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Home > Tech Views > General Computing

Wednesday, February 16, 2005
The Stephen King experiment

1. Page 1

Having finished his novel entitled The Plant, which in the form of correspondence, Stephen King asked his readers to voluntarily contribute a dollar each, for the book to be "delivered" to downloading by anyone wishing to get it for free on the Web. The electronic publication experiment is full of agony and terror. Will its readers pay or not? On the other hand, traditional publishers are engulfed in terror at the idea of a big shot writer getting over them and trying to sell his product directly to his readers.

In a way, this fact has triggered off a new publishing company. Hoping to avoid the splitting electronic headaches tormenting music industry, the tycoons of the publishing industry have already started assuming their future posts. Yet, most of them fear the prospect of a direct, almost free of charge as well as varied distribution of the books they are now handling all over the nation.

Publishers are lucky. In contrast with the record industry products, books are not to be seriously threatened in the years to come. Recently though, both industries have been forced to tackle the same situation but their approaches differ. Record industry is at odds with consumers (Napster's favorite customers). In the world of publishing companies, this controversy has been focused on the relationship between publishers and writers. Should literary property royalties be higher on electronic books since the cost of production and distribution of the aforesaid products is restricted to a minimum level? Authors are in for an affirmative answer to this question whereas editors are hesitant to respond to it. As long as editors constitute the sole feasible means of best sellers to be, there is no point in the writers possessing their own printing houses and bookstores.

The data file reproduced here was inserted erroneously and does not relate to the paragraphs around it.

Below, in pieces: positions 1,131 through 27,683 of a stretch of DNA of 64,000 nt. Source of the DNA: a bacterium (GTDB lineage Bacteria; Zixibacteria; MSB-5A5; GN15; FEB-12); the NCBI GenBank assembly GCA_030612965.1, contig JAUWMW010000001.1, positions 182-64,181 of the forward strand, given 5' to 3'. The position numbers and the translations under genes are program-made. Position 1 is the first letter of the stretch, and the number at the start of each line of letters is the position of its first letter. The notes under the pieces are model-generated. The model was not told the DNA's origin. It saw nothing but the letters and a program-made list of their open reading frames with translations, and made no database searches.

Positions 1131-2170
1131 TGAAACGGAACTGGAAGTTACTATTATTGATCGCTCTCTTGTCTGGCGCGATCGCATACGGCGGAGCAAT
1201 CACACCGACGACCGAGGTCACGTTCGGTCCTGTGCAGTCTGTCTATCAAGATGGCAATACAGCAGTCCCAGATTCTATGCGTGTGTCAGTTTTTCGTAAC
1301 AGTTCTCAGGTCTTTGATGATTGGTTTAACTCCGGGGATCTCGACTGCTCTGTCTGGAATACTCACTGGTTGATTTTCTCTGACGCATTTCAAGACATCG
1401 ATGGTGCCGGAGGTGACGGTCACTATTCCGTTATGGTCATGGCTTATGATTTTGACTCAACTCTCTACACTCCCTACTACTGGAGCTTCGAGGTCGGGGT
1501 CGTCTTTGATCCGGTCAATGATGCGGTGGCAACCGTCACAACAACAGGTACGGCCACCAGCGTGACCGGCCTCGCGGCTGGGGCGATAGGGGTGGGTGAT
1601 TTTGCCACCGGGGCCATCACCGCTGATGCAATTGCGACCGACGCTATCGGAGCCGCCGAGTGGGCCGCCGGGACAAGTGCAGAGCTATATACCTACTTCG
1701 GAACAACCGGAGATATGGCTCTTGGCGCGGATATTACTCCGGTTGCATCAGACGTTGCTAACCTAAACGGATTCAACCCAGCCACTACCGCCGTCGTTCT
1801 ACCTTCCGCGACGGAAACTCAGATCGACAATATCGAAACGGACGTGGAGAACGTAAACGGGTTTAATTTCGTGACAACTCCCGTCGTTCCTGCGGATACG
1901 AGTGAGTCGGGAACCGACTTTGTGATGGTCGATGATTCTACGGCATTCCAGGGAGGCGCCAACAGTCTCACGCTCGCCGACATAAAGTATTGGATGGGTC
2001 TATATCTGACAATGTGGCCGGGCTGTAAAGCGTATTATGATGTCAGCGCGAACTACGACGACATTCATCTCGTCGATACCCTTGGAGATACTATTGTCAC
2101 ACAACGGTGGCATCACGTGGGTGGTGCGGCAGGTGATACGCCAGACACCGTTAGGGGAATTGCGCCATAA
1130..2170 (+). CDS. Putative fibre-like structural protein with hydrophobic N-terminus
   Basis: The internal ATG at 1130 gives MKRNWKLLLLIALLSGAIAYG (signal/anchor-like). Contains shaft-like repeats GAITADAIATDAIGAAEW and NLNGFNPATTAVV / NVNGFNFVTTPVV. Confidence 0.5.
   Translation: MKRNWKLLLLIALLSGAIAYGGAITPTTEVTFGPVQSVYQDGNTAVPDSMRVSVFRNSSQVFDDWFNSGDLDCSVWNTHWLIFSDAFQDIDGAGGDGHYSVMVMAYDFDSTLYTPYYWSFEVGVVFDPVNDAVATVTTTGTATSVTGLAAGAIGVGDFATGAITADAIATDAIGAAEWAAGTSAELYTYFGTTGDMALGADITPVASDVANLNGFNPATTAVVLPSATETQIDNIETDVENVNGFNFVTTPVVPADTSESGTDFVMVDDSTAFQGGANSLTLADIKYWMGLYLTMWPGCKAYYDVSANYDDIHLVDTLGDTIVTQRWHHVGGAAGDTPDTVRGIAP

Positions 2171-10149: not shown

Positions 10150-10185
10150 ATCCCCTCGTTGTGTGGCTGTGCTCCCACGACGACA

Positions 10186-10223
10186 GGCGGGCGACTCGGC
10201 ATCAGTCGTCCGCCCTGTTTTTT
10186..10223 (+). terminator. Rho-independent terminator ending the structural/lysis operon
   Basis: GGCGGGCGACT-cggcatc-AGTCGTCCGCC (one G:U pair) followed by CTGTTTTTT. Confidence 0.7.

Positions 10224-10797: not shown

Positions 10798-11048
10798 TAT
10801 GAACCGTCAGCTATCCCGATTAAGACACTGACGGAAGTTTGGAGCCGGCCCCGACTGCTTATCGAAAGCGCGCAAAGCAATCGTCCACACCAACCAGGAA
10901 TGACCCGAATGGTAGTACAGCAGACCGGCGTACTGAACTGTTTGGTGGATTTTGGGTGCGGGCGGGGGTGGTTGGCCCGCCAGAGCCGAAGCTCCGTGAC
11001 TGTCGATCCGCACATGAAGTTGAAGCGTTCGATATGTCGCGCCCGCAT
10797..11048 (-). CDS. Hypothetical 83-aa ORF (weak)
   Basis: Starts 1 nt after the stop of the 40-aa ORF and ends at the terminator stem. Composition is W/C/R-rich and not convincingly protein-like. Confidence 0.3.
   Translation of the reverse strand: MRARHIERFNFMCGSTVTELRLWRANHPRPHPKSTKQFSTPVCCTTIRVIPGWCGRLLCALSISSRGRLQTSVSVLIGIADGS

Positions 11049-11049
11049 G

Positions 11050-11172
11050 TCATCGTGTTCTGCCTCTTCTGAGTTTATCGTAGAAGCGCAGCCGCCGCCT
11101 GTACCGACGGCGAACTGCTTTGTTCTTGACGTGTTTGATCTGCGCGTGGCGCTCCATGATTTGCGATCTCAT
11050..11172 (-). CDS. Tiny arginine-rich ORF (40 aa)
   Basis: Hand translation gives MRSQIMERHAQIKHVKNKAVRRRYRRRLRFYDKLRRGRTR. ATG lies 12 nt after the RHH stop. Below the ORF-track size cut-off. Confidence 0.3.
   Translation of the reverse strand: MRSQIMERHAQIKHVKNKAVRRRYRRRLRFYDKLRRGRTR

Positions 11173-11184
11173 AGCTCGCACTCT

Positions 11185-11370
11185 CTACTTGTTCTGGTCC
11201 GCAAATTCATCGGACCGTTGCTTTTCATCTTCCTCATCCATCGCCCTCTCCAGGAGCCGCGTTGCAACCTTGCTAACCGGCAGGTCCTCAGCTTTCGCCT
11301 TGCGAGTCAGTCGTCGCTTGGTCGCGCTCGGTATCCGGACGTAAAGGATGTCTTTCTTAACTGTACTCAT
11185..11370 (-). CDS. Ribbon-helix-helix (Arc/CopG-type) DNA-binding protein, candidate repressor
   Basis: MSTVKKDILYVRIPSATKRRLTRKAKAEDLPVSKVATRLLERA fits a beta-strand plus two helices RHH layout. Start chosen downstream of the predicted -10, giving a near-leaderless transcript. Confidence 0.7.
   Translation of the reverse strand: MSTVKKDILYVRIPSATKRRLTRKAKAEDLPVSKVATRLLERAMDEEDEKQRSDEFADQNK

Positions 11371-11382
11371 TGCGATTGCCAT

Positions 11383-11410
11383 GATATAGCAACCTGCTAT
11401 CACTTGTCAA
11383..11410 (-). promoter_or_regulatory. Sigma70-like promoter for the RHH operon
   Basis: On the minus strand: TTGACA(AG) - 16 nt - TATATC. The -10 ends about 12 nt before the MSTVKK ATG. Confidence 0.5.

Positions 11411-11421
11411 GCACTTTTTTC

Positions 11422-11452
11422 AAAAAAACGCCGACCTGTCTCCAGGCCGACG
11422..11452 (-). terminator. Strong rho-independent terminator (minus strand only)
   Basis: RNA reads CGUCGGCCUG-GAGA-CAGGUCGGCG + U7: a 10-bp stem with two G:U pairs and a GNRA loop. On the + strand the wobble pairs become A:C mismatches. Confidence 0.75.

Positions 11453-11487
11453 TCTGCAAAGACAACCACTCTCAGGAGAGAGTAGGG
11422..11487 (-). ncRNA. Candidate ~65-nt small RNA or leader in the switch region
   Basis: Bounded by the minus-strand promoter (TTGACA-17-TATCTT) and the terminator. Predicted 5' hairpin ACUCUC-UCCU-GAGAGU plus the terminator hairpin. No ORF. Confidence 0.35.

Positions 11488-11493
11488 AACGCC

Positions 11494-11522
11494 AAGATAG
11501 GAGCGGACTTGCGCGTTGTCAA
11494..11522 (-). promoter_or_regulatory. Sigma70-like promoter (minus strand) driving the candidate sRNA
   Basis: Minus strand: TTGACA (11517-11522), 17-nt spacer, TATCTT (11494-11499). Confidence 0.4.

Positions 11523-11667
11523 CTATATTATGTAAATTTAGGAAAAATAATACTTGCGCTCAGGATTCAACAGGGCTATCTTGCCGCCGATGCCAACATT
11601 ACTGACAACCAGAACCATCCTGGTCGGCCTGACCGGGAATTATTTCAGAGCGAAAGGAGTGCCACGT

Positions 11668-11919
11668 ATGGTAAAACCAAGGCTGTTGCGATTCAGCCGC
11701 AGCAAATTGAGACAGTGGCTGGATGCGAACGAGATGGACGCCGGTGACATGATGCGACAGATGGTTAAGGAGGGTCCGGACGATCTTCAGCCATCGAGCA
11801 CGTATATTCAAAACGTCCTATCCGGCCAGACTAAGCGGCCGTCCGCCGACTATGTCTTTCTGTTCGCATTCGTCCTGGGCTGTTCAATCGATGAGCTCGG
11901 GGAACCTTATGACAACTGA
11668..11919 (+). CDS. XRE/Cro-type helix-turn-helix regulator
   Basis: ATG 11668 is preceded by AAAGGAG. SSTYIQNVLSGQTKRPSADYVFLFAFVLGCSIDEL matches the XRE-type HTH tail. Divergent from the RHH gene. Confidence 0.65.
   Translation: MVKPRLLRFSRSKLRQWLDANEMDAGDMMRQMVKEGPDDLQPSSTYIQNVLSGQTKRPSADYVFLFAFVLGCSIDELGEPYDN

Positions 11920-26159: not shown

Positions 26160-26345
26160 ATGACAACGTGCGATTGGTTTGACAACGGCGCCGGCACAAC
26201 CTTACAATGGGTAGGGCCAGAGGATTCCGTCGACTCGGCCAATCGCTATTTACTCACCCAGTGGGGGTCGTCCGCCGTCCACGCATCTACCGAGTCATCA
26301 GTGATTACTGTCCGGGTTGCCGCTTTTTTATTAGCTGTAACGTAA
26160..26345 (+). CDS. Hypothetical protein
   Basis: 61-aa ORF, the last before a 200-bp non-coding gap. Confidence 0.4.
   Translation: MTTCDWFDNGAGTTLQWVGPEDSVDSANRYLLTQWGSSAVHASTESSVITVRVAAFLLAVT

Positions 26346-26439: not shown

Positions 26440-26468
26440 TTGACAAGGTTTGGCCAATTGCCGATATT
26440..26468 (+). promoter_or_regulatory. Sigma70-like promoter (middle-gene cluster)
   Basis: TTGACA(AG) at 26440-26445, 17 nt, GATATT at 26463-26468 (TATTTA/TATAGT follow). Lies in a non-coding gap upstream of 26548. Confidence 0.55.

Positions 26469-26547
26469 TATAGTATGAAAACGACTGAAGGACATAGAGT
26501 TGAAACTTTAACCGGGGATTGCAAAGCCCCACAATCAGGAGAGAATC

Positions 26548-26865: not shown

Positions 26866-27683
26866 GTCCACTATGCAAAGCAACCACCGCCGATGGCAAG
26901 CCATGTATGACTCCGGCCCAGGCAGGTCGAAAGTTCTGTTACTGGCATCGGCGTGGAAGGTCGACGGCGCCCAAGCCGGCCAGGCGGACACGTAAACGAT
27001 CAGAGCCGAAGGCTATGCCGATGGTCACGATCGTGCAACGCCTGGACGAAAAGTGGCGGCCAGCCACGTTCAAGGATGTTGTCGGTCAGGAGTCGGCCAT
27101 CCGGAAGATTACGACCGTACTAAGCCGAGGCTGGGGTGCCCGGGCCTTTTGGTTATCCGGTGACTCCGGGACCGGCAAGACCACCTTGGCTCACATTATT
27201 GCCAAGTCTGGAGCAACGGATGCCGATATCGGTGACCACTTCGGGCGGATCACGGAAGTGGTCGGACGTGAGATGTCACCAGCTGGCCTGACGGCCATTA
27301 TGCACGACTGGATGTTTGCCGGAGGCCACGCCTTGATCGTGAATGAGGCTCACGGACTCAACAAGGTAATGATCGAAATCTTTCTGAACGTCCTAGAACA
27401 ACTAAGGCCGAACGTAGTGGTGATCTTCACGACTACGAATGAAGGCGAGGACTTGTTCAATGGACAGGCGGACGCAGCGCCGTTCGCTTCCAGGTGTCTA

Stephen King's first electronic book, "Riding the Bullet" was patronized in its presentation by its editor who considered the 500,000 Web readers of the book as a substantial proof that the book-reading public was ready for the Internet.

"Most of our writers have been writing in their mind, and are not being in charge of small businesses, having to deal with customer service issues and credit cards exchanges," a book publisher points out. King does not seem to be preoccupied by all these: Amazon.com, the electronic commerce giant, is handling these exchanges with no cost for the writer himself. "We would be happy to help writers transform their books to digital ones," says Jeff Bezos, manager of the company.

That does not mean that publishers are crossing the threshold of their Doomsday, but a shift in the services they provide to ones that are to gain in gravity like editorship and, especially marketing. "The game will be won by those who maintain a good relationship with their readers," says writer Seth Godin. "If publishers carry on with it, their success is about to be certain".




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